Check out the link on this site or your local rescue group for adopting a rescued Weimaraner.
The Weimaraner was bread in Germany over one thousand years ago and is kin to the German Pointer. Some claim it is discernable in a 17th century painting by Van Dyck. It was used for big game hunting until big game declined. Treasured in the 19th century by the aristocrats of Weimar, Germany, it was then and now popular for hunting small game, and, because of its soft carrying mouth for water fowl. It has Bloodhound and Pointer blood and is still used as a working dog.
Weimeraners are strikingly beautiful dogs with a strong boned build, light amber eyes and a sleek short coat of silver to mouse gray. They can reach heights up to 28” and weigh between 60 and 85 lb. Not in need of extensive grooming, once a week brushing keeps the coat shiny. Shedding in minimal.
Although more rare, the longhair with a smooth or slightly wavy coat up to 5″ long needs more grooming attention.
Weimaraners need thorough training and regular and extensive exercise. This is not a city dog. Sufficient space, a fenced yard, and lots of human attention will make them excellent companions as they are all-round dogs who love family life. They are friendly, intelligent and energetic but, with their vigilance, make excellent guard dogs if their home or family are threatened. Because of their dominance, they are not recommended for first time dog owners.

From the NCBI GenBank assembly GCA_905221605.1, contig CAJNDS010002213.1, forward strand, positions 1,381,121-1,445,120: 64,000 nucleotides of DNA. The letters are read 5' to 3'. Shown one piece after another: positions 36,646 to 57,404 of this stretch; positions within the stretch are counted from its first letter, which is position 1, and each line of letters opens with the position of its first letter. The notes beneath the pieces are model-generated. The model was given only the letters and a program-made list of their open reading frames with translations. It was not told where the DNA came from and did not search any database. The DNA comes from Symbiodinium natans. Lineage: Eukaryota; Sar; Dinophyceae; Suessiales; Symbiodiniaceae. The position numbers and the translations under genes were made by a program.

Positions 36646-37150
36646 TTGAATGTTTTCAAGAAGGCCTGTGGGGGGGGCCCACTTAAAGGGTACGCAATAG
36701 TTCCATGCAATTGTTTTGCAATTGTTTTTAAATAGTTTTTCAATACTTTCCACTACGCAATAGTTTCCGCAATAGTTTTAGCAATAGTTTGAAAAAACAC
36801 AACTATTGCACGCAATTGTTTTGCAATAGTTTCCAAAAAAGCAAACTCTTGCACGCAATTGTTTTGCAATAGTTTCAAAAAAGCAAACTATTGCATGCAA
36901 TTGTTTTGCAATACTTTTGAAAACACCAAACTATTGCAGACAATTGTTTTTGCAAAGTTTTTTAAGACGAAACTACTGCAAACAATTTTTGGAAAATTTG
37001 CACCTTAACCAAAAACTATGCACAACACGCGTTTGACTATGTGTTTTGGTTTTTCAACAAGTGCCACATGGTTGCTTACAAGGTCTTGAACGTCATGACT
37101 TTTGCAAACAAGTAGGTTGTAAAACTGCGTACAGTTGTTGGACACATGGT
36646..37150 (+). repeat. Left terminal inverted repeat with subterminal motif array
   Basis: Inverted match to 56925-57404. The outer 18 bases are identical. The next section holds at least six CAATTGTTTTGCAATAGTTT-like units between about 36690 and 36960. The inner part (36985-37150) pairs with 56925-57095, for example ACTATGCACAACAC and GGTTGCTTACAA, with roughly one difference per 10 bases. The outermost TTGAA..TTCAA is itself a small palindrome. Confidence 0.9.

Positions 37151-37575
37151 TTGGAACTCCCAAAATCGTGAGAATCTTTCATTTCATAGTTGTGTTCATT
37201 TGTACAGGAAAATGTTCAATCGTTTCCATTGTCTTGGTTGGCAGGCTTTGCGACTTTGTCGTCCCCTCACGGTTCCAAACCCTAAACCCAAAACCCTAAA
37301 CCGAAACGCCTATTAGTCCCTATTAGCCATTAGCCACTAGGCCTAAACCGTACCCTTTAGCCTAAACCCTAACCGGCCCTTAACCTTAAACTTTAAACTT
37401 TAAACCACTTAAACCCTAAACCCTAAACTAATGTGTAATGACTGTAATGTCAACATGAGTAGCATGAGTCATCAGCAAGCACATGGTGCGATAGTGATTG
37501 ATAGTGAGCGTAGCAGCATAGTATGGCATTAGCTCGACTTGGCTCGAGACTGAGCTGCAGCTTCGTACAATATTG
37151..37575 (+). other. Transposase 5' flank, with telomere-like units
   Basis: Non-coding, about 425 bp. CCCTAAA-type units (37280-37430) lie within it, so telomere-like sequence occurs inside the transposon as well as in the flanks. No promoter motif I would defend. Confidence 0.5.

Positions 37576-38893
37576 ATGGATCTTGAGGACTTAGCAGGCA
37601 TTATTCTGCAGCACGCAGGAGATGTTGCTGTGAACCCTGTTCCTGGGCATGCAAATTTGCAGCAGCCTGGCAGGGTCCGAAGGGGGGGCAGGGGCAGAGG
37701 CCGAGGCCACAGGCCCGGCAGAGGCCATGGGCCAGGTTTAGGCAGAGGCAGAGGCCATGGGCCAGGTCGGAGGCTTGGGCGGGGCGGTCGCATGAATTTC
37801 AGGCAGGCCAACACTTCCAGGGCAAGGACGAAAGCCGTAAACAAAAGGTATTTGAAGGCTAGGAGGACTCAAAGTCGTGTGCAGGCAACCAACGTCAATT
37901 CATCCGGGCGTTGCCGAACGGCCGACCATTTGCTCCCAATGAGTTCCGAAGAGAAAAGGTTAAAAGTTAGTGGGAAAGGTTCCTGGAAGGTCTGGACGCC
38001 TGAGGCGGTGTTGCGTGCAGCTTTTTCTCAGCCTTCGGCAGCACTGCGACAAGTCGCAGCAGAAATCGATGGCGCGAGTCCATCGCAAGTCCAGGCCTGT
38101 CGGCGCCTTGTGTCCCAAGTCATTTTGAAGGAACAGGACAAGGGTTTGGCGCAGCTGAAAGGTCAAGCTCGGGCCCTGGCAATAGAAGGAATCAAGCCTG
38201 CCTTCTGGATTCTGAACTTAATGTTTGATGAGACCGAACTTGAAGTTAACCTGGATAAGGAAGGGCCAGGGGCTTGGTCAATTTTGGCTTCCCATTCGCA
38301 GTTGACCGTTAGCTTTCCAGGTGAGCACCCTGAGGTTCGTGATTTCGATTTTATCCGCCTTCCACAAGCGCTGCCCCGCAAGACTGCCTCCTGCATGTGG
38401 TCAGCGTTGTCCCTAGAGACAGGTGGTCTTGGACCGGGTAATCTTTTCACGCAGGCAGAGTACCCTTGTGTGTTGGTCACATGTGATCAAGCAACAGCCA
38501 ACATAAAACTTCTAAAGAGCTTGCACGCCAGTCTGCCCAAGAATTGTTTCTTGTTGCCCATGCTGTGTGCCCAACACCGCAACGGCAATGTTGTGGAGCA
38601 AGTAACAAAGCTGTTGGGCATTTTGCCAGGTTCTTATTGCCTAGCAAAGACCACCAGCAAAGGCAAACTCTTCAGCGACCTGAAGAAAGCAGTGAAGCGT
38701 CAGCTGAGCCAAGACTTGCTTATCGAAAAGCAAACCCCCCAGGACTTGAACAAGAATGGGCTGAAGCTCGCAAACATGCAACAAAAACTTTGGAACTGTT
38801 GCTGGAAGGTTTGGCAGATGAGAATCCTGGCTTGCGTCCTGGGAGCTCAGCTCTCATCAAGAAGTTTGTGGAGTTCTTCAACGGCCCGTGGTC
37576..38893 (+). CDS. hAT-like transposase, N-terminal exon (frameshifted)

Overbreeding has let to temperament problems such as aggression and separation anxiety in some lines. Lack of exercise will make them aggressive and difficult and can lead to destructive behavior.
Weimaraners are affected by the usual canine problems but with no great frequency. They are, however, prone to two more unusual problems: spinal dysraphism which is a severe though non-lethal condition, affecting the gait and giving an unusual stance which resembles a crouched position. Ear infections are easily acquired due to the drop-eared conformation.
Related Designer Mixes:
Recent designer dog mixes have produced the Labmaraner, a cross of a Labrador Retriever and a Weimaraner. This breed is an outdoorsy, fast, agile breed not meant for urbanites. They need good management which can be trying because of an underlying stubbornness. Consistent training and tough regulations are needed to keep the peace in your house.
Labmaraner can weigh from 50 to 100 lb and their coat color ranges from dark gold to pale cream, black, and chocolate.
Labmaraner (photo by Anna Kuperberg)